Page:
FIGURE 13: ‘My Song Sounds of Love’.

Eljana painted this image on wood from a dismantled bird-feeder. She also used this bird-feeder as the surface for her paintings (Figure 14) of the fifth song, Struna naladěna (The string is tuned), capturing the highly energetic nature of the poetry and music by the Dutch signs ‘Heen’ and ‘Weer’, meaning ‘to go back and forth’. She captured these images in Leiden in the Netherlands.

FIGURE 14: ‘The String Is Tuned’.

Eljana used three metal discs and a burnt piece of wood as her canvases for the second and third songs, respectively. She captured the nostalgia in the second song, conveyed by Dvorak’s brisk tempo, by portraying it across three separate pieces. ‘The music is fast and having to view a fragmented work accentuates and compliments the jerky rhythm’. In Dvorak’s third song he sets Heyduk’s lines:17 ‘The forest is quiet all around; only the heart is disturbing the peace. As if black smoke is flowing, tears flow down my cheeks and so they dry’. Eljana drew inspiration from the words ‘black smoke’ and painted a forest scene (Figure 15) while trying to convey the hopeful sentiments of the final verse of the poetry:

I chose a burnt piece of wood to work on. It was the remains of roof beams from a burnt-down house. I detected a sombre mood in the music and chose a quiet forest scene I photographed in the Netherlands. As the lyrics have an optimistic end, the bridge resembles hope.

FIGURE 15: ‘The Forest Is Quiet All Around’.

Dvorak’s fourth song, translated as ‘Songs my mother taught me’, (Figure 16) is arguably the best known song of the cycle. Dvorak employs an unusual rhythmic structure which, together with Heyduk’s text, conjures nostalgic images of a mother’s love for her child.18 Eljana depicted this nostalgia by painting images of vintage toys on old discs she sourced from an observatory:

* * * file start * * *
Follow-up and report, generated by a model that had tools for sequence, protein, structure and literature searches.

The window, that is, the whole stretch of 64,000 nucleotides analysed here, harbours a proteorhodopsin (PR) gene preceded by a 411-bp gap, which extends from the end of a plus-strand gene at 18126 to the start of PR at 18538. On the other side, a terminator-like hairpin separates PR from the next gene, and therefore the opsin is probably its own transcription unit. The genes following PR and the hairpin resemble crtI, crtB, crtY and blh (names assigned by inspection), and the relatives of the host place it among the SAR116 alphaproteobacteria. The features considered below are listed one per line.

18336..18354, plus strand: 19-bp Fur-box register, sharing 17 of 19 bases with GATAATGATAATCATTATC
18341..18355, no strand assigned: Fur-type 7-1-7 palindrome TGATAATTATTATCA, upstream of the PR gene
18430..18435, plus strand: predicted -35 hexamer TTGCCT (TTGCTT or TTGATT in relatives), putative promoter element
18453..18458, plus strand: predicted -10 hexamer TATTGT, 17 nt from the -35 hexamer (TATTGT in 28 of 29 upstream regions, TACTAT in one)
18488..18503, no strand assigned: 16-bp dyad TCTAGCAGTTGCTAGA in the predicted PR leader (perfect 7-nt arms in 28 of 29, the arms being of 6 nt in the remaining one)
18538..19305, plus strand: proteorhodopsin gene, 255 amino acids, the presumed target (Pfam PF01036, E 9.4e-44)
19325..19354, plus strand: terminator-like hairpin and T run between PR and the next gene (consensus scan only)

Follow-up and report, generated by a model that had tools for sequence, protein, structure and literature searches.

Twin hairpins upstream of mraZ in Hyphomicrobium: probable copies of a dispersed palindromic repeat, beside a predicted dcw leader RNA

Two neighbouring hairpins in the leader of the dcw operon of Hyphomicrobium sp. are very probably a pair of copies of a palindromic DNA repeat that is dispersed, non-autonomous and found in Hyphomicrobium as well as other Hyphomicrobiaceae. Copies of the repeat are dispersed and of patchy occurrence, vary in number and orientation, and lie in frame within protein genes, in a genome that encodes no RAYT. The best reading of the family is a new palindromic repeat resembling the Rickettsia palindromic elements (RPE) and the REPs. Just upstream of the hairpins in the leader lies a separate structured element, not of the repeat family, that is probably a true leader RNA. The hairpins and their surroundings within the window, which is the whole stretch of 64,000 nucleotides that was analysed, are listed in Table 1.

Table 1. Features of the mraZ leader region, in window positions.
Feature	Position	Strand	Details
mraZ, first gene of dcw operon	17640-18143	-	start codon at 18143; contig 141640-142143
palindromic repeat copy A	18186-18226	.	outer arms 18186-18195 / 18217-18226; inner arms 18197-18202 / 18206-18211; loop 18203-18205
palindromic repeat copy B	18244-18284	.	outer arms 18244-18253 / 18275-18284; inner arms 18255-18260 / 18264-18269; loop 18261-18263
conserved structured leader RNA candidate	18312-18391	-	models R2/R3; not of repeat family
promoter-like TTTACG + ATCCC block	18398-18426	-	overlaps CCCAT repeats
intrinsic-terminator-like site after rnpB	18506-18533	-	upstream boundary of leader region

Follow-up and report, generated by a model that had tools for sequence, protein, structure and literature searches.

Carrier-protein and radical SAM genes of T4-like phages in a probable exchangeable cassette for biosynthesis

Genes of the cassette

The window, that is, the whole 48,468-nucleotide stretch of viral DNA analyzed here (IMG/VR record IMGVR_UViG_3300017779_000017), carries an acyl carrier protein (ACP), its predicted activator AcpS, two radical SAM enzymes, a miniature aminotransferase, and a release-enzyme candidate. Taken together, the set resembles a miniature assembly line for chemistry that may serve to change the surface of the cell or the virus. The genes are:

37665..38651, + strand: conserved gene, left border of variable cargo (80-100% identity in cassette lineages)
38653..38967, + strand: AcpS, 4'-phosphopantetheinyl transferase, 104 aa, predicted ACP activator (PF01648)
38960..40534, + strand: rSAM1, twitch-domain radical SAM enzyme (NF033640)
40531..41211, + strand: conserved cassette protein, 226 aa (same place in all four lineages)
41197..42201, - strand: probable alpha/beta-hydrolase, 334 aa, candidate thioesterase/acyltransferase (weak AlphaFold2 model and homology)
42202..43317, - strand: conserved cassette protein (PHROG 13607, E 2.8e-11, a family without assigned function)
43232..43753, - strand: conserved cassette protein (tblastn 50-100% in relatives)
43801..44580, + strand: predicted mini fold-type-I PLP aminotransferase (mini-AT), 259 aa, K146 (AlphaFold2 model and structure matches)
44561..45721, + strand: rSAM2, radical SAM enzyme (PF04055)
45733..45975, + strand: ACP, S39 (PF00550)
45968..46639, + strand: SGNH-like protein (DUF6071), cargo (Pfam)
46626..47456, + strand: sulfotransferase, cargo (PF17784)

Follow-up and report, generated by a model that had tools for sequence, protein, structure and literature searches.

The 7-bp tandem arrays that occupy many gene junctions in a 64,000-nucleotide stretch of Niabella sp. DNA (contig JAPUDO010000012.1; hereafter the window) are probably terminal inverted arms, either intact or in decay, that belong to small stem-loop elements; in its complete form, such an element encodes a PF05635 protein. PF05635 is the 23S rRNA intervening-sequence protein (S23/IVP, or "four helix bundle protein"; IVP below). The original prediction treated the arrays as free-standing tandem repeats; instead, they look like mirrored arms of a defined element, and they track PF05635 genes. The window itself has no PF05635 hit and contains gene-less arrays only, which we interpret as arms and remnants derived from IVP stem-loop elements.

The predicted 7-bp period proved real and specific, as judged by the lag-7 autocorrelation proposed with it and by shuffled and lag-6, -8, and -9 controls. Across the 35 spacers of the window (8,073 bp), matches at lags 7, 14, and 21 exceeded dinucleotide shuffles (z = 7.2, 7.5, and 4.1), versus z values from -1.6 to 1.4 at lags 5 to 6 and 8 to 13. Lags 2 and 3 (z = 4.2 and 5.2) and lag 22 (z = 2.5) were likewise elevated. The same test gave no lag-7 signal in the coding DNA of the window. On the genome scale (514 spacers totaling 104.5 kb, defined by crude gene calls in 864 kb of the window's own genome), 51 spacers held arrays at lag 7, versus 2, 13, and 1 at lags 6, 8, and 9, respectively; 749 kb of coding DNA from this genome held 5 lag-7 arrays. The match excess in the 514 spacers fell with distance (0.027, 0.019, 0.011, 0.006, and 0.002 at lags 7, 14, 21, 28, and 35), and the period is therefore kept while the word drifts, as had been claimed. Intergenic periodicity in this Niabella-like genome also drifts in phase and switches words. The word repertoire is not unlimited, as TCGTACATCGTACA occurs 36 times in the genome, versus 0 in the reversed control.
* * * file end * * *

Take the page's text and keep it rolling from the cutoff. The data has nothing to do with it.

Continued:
I chose to paint vintage toys I photographed in the shop windows of The Hague and Mexico, as they remind me of old mothers. These toys are timeless and transport me to a state of oblivion.

FIGURE 16: ‘Songs My Mother Taught Me’.

While the first five songs highlighted nostalgia in the music and poetry, the last two songs awaken the intense longing for a Gypsy’s freedom. ‘Nostalgia is banished in the next two songs, which celebrate the carefree Gypsy life in bold, leaping – and unmistakably Czech – dance rhythms’ (Wigmore 2004). In the sixth song, Široké rukávy [Wide sleeves], Eljana depicted this yearning for freedom as clothing blowing in the wind painted on a piece of driftwood:

I see a humble washing line with white laundry blown by the breeze – free from constraints and transparent in nature. I carried the surface for the painting with me all the way from Mozambique. Nothing could be more liberated than a piece of driftwood.

Eljana also captured this longing for freedom in the final song through symbolic images representing freedom, painted on the beam of a roof.

Commonalities and differences

During the course of this project, there were some commonalities and differences in the approach and process shared by the artists. While working on this project the artists became aware of a fresh understanding of their process.

Understanding Sehnsucht leads to a further awareness and development of the creative process